5 minutes with Debbie Macomber

By Donna Duggan

With more than 170 million copies of her books in print, Debbie Macomber is one of today’s most popular authors. We chat to her about her latest book, Starting Now.

The main character, Libby Morgan, goes through a long stretch of unemployment. Was Libby’s experience a reflection of your own?

Unemployment or the loss of a job wasn’t my personal experience – it was more a family experience.  My husband, Wayne, who worked as a construction electrician, often experienced layoffs and slowdowns on the job site.  One year, in a slow economy, Wayne was unemployed for nearly nine months.  It was a difficult time for all of us.  

How was the writing process for Starting Now? Did the story flow freely? What were the challenges?

Because the gift God gave me is that of a storyteller, I often have multiple ideas and need to devise a method of choosing which stories to develop.  I do this by checking my plot premise against several key words.  They are: relevant, provocative, realistic, creative and entertaining.  Starting Now fell solidly into the relevant.  Once I had the storyline down in my head, the words flowed.  As for challenges . . . this was my first book with Random House and I was particularly concerned that the story live up to the publisher’s expectations.  I was working with an entirely new team; new editor, new cover art… new everything.  My hope is that this book lives up to their faith and commitment to me.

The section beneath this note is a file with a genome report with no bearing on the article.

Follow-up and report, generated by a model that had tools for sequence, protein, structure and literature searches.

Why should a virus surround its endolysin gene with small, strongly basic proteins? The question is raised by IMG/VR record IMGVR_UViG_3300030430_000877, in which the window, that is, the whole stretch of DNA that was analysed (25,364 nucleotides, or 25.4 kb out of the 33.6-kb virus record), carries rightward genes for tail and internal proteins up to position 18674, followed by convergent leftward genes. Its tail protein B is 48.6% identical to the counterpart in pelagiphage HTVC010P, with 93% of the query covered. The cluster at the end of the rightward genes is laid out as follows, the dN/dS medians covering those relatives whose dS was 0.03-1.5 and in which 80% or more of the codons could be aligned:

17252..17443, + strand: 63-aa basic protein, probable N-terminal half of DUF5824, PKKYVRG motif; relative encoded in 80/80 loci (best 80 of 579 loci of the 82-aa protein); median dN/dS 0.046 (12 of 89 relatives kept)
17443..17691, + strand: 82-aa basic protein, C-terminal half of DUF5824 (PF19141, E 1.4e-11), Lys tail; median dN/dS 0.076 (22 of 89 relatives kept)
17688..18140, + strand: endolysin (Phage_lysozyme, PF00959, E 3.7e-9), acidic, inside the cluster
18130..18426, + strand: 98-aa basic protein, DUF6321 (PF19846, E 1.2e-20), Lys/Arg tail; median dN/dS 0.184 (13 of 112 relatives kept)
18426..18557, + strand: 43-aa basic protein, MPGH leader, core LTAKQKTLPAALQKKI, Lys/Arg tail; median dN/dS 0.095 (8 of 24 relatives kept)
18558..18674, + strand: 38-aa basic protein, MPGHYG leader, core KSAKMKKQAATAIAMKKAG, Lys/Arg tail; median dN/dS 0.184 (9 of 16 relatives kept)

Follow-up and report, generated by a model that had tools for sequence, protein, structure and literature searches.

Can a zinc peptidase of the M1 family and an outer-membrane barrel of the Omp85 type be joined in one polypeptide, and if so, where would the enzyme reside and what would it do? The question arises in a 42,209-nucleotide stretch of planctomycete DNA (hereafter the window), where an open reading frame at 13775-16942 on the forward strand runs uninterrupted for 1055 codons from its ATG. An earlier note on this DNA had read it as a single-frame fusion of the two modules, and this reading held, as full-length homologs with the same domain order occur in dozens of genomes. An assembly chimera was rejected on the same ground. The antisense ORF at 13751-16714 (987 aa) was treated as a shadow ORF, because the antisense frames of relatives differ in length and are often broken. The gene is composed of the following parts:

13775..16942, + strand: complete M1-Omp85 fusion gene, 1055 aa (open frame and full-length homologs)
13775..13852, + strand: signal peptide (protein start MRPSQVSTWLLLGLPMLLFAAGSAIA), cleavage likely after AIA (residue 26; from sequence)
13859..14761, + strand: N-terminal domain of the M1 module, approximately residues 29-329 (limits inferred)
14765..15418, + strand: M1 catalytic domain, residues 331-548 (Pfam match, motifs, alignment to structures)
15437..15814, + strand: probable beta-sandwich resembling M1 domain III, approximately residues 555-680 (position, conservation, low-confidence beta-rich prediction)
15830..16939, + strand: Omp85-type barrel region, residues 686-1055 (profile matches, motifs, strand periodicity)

Knitting features prominently in the book. Are you a keen knitter yourself?

Saying that I am a keen knitter is an understatement of my love of the craft!  I believe I inherited this love of craft from my grandmother, although she died before I have any memories of her.  My older cousins tell stories of sitting in a semi-circle on the rug in front of her rocking chair and watching grandma crochet at lightening speed while rocking and snoring.  She was sound asleep.  I don’t know that I’ve reached that level, but I will tell you that I dream about knitting.  I have a queue of projects waiting to be knit that would stretch from Washington to Florida – the two states where my husband and I divide our time.  


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